Leaton’s debut psychological thriller takes place in the fractured mind of Vivienne Coroth, who, believing herself a descendant of Faeries, may be plotting revenge against her ex-lover and his new wife.
Thanks to a court order, Vivienne can’t get anywhere near her ex, Callum, or his wife, Mary. So Vivienne starts writing a blog for Callum, hiding a password for website access in the pages of a letter she sends him. As far as Vivienne knows, Callum won’t find the password, but he’ll wish he had: Vivienne is regularly watching Mary and the couple’s twin toddler sons at the mall. She snatches one of the boys, Samuel, and spends days telling him about her Faerie family, beginning in the late 18th century—a history she knows because her ancestors’ memories have been passed on to her. But Vivienne has plans for Samuel, involving a powerful spell that she’ll soon cast. Leaton’s novel has great fun toying with perspective; the entire narrative is the blog, as Vivienne posts letters to and from Callum, as well as correspondence from Callum’s lawyers, who strongly suggest she stop writing her ex. Vivienne firmly believes that she’s a Faerie (she looks human but makes it clear she isn’t one), but Leaton avoids confirming the possibility as fact. This results in numerous bizarre, often humorous sequences in which Vivienne, for instance, converses with Samuel who, at a mere 18 months, speaks in adult-sized sentences: “The stuff about the uncles was hardly a lullaby, was it? Oh, sanitise it for me if you must. Just give me the facts about your eponymous ancestress.” There are likewise hilarious reminders of his age (he still plays with blocks), which tend to offset the seriousness of a child having been kidnapped. Vivienne recounts to Samuel a great deal of her background (mostly Faerie but some of her human family, too) and a few of her dreams; these sufficiently mold the woman’s mindset, but they’re also a bit excessive, coming across as a series of only moderately relevant short stories, each with its own title and separate chapter. Leaton steers clear of a definite resolution, leaving readers to question whether the protagonist is insane or mystical. The story leans in one direction near the end before a crackerjack finish.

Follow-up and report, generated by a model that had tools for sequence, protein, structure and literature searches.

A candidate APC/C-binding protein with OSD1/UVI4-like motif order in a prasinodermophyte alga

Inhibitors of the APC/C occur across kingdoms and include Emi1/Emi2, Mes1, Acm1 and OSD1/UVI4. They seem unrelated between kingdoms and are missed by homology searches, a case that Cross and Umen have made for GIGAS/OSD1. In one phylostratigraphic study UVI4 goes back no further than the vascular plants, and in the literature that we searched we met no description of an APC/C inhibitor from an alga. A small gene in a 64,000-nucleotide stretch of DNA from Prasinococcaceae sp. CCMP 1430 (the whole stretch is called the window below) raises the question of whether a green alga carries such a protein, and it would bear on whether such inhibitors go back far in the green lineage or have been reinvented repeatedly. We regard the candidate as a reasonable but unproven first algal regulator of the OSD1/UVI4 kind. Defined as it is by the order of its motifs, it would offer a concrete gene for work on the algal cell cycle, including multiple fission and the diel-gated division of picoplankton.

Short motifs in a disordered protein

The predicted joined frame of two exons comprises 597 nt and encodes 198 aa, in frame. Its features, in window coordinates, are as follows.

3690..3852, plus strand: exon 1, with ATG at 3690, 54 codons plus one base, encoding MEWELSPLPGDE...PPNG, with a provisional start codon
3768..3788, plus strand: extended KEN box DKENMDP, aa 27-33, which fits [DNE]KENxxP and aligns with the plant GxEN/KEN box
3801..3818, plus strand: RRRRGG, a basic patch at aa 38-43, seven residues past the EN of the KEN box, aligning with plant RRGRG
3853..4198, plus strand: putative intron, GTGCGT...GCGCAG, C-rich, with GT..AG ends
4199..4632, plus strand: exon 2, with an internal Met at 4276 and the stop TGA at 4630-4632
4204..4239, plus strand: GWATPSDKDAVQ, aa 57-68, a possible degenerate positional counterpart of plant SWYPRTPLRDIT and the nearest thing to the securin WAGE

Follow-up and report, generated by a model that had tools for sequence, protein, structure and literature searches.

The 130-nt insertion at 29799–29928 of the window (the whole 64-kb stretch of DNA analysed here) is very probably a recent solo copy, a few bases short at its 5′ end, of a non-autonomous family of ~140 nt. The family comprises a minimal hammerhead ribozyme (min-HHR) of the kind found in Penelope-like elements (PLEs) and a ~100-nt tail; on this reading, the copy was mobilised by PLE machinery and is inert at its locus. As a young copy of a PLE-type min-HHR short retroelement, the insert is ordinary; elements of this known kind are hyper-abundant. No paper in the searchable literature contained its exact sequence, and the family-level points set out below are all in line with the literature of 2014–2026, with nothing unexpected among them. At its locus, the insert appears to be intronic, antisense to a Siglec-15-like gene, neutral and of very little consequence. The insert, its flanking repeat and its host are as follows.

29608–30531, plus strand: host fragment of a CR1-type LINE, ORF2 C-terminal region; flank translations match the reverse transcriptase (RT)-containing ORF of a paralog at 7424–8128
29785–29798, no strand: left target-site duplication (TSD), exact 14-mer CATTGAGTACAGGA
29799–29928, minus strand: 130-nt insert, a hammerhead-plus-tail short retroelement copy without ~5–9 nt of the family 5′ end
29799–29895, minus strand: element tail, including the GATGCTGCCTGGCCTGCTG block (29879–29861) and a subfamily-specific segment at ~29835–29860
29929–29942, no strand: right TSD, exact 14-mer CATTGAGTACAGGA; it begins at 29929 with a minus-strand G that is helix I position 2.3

The narrator may be unreliable, but the stories she tells, as well as her own, are infinitely appealing.